England retained the Ashes at a damp Old Trafford on Monday and now have the chance to clinch the series in Durham after just three days rest.
Outplayed for long periods in Manchester, the rain rescued England on the final day and ensured they maintained a 2-0 lead. As holders, Alastair Cook's men will keep possession of the Ashes for the third series in a row regardless of the outcome of the final two Tests.
There is little time for rest and reflection for either side before they are straight back into it at Emirates Durham ICG, which will be hosting its maiden Ashes Test.
England have tweaked their 13-man squad with the addition of Durham seamer Graham Onions in place of Sussex spinner Monty Panesar.
Onions and Chris Tremlett give England the option of rotating their seam attack if they deem it necessary, with James Anderson - whose 128.5 overs in the series are the most by a fast bowler - the most obvious candidate for a rest.
Australia reshuffled their batting order when chasing quick runs in the second innings at Old Trafford, moving David Warner up to open in place of Shane Watson, who dropped down to No.4.
Watson's moderate form with the bat means there is a strong case for Warner to remain in his preferred position, while the only other change being considered is a first appearance of the series for seamer Jackson Bird.
Hot and bothered
Both teams have denied using silicone tape on their bats to prevent 'Hot Spot' detecting contact with the ball after reports in Australia claimed the International Cricket Council were investigating. The first three Tests of the series have been marred by DRS controversies and the reliability of the infrared heat-seeking camera has come under scrutiny. England batsman Kevin Pietersen took to Twitter to defend his integrity: "Horrible journalism yet again! My name brought up in Hot Spot crisis suggesting I use silicon to prevent nicks showing! Such hurtful lies. I am never afraid of getting out! If I nick it, I'll walk.. To suggest I cheat by covering my bat with silicon infuriates me."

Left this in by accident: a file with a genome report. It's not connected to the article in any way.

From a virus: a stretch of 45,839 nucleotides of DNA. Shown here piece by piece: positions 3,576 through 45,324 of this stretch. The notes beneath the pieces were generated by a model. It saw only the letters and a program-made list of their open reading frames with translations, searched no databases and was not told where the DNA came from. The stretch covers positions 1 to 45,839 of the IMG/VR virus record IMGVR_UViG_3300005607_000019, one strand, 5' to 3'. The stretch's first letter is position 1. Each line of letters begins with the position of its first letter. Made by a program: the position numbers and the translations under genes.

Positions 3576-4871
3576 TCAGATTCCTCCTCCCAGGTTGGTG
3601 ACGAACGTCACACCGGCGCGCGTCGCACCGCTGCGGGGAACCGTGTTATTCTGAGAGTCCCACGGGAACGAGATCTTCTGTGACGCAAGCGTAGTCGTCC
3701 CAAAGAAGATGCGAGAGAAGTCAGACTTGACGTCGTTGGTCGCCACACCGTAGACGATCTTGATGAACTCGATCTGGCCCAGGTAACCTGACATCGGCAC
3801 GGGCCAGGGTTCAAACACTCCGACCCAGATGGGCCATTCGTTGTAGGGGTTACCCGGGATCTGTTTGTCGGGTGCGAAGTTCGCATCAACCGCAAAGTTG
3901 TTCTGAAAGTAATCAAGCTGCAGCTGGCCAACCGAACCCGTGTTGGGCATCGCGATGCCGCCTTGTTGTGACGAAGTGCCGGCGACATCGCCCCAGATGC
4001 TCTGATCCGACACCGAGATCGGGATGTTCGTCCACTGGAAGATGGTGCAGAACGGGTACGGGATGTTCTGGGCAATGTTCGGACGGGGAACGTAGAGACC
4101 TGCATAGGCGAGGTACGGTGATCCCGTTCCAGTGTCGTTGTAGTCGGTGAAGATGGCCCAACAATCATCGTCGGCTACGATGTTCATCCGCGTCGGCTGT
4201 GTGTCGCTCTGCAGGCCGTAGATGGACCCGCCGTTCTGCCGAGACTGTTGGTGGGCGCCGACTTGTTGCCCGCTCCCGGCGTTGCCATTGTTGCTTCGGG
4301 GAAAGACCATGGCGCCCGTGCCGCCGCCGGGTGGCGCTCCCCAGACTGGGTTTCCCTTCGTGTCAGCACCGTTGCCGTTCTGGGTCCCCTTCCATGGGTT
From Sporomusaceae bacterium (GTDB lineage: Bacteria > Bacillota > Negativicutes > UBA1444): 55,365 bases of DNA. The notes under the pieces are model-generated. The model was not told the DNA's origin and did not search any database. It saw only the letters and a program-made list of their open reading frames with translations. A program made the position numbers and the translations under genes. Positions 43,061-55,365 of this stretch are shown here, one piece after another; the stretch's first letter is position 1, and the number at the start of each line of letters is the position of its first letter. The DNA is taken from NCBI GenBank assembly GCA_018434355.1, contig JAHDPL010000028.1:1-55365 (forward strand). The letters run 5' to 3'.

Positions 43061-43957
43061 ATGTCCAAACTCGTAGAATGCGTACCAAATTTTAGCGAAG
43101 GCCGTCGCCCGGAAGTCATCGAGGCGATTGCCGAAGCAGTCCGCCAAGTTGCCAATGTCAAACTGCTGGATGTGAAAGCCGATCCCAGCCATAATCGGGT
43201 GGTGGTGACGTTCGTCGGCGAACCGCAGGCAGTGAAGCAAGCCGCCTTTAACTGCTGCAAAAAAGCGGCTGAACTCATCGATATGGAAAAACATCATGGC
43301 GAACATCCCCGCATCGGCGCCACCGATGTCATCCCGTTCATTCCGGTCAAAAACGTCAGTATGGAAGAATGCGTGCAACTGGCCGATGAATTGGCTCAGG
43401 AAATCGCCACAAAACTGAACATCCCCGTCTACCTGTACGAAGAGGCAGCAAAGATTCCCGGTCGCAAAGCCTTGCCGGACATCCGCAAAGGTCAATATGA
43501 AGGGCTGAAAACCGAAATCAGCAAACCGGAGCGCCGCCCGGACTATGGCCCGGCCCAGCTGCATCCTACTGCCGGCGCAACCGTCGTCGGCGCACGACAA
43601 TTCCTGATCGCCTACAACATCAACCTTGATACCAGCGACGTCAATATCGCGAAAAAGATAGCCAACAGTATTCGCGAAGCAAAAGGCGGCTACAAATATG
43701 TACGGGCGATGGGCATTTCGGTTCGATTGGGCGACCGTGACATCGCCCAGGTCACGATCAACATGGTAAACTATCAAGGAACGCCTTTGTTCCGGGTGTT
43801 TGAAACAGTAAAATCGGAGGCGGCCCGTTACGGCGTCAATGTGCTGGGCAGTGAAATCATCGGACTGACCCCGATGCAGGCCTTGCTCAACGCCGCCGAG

Home and dry
Onions feels he is ready to take his chance if the England selectors recall him on his home ground. His most recent Test appearance came against West Indies more than a year ago but he has remained in the selectors' thoughts and was an unused member of England's squad for each of the first two Tests of the series. Onions said: "The prospect of a playing a Test match cricket again, and playing in front of your home crowd, it's going be fantastic if I was given the opportunity to play."
Sky Cricket's Ashes panel of experts have been considering the objectives for each team during the remaining two Tests of the series and how best to achieve them. Nasser Hussain warns about the impact of mental fatigue on the players, in particular England captain Alastair Cook. Sir Ian Botham and Shane Warne are both concerned about the demands of more back-to-back Tests on the seam bowlers, with Beefy interested to see if England opt to rest Anderson and give Onions an opportunity in familiar conditions. David Lloyd thinks there is more to come from England, chiefly from from their top-order batting, while Michael Holding believes Australia have a chance to move their team-building process forward during the final two Tests.